• Costs of cleaning your home working area
  • Depreciation of home office furniture and fittings
  • Depreciation of office equipment and computers
  • Costs of repairing home office equipment, furniture and furnishings
  • Small capital items such as furniture and computer equipment costing less than $300 can be written off in full immediately (they don’t need to be depreciated)
  • Computer consumables (like printer ink) and stationery
  • Phone (mobile and/or landline) and internet expenses

Ideally, you should have a specific room set aside as a home office. If you are using a room with a dual purpose (e.g. dining room), or a room shared with others (e.g. lounge room) you can only claim the expenses for the hours you had exclusive use of the area.

How do you claim?

You can use either of these methods:

Diary method/actual running expenses

Keep a diary to work out how much of your household running expenses relate to doing work in your home office. The diary needs to detail the time you spend in the home office, compared with other users of the home office. Keep your diary record for a representative four-week period. The ‘work-use proportion’ can then be used to determine your work-related claim, for whatever period of time they are required by the Government or Employer regulation to work from home. Of the two methods this usually produces the larger deduction, but the record-keeping requirements are more stringent.

It may well be that you are already working from home from time to time but that the amount of remote working will spike over the next few weeks or months. If that’s the case, keep a separate diary for the period of your ‘corona-induced’ home working to justify the larger claim for this period – but don’t try to apply this larger work-related proportion to the whole year!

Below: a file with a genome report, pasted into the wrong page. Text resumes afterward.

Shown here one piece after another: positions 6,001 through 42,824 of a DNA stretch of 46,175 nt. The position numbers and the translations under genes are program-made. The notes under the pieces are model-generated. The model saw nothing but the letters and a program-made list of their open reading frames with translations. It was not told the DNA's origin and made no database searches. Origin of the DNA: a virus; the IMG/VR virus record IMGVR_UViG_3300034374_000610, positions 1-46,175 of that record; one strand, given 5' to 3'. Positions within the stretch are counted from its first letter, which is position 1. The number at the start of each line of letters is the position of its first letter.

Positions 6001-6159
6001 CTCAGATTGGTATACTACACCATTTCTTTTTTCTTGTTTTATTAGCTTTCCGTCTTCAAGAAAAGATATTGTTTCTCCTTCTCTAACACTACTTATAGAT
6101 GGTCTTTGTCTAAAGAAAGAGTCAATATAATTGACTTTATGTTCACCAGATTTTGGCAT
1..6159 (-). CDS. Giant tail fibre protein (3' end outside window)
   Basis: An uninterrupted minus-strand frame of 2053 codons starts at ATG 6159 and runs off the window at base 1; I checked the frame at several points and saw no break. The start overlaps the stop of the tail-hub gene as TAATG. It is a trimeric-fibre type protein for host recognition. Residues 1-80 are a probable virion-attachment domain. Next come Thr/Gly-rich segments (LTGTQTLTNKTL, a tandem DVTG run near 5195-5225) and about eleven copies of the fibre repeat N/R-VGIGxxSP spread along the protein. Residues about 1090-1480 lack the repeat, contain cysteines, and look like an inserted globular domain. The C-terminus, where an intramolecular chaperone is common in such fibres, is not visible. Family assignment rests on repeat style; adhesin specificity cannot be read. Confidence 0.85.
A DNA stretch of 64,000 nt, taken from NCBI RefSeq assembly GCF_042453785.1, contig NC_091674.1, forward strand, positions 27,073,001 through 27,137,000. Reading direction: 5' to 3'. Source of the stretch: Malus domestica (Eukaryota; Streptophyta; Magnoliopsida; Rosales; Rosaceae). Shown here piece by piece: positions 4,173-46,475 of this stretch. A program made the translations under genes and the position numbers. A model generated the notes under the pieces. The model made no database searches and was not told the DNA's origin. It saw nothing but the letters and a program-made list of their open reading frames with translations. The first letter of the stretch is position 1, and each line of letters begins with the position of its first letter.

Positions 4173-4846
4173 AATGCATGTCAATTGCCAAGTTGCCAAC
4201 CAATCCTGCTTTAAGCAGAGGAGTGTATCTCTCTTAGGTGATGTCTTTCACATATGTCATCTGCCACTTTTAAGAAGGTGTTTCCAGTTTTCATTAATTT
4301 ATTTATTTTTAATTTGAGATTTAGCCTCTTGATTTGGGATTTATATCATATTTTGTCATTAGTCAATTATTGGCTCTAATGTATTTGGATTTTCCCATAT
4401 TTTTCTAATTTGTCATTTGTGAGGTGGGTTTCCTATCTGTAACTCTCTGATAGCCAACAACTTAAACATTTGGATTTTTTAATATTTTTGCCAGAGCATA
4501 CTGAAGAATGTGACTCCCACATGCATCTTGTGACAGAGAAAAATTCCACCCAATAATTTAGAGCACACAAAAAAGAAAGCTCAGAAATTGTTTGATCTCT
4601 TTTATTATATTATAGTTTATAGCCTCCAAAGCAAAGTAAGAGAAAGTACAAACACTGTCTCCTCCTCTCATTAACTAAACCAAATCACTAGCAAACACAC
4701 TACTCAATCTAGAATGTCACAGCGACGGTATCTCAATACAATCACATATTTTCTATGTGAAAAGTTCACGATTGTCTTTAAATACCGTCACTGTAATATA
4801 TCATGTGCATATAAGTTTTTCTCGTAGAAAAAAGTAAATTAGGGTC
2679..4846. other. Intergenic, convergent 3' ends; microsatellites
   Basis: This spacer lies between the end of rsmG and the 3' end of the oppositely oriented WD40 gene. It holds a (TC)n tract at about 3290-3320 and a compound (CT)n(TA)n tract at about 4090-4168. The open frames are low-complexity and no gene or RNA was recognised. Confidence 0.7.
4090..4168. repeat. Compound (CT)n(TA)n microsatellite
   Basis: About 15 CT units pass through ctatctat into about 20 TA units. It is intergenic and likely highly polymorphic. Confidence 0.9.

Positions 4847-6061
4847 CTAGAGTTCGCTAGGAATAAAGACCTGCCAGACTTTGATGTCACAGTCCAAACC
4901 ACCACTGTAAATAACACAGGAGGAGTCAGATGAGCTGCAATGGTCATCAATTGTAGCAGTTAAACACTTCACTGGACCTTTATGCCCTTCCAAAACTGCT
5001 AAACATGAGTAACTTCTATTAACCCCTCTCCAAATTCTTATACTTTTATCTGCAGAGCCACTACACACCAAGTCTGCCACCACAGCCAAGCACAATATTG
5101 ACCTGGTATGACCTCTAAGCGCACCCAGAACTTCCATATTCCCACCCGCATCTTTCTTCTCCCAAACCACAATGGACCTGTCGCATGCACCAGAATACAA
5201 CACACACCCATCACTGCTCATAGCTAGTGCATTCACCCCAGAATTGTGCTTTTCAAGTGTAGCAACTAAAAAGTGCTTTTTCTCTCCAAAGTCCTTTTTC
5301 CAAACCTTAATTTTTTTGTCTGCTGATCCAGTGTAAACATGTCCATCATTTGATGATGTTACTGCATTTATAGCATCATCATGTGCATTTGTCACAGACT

ATO rate per hour method

Alternatively, you can use a fixed rate of 52 cents per hour for home office expenses for heating, cooling, lighting and the decline in value of furniture, instead of keeping details of actual costs. You just need to keep a record of the number of hours you use the home office and multiply that by 52 cents per hour.

In addition to claiming 52 cents per hour, you can also make a separate claim for:

  • phone and internet expenses;
  • computer consumables and stationery; and
  • depreciation of computers or other equipment.

Finally, a word of warning: it is quite common for people to have insufficient documentation to support a home office claim, particularly around the proportionate split between business use and personal use so be sure to keep records.

The ATO have calculators (at present only the 2018/19 is available) available to assist you with calculating these deductions and links below for more information.

 

 

Based on ATO information and resources.

 

Global statistics plus Covid-19 updates

The following website gives the running totals for many everyday categories and the numbers are almost, if not, overwhelming when seen on a global scale.

         

Click on the image below to link to a website that collects data from sources all over the globe and simply counts the numbers.  Global births and deaths, for example.  How much is spent on health and public education.  Be prepared though for how much is spent on illegal drugs or how many cigarettes are smoked every day.  Included is a link to the latest Coronavirus statistics as well. 

Mind blowing stuff.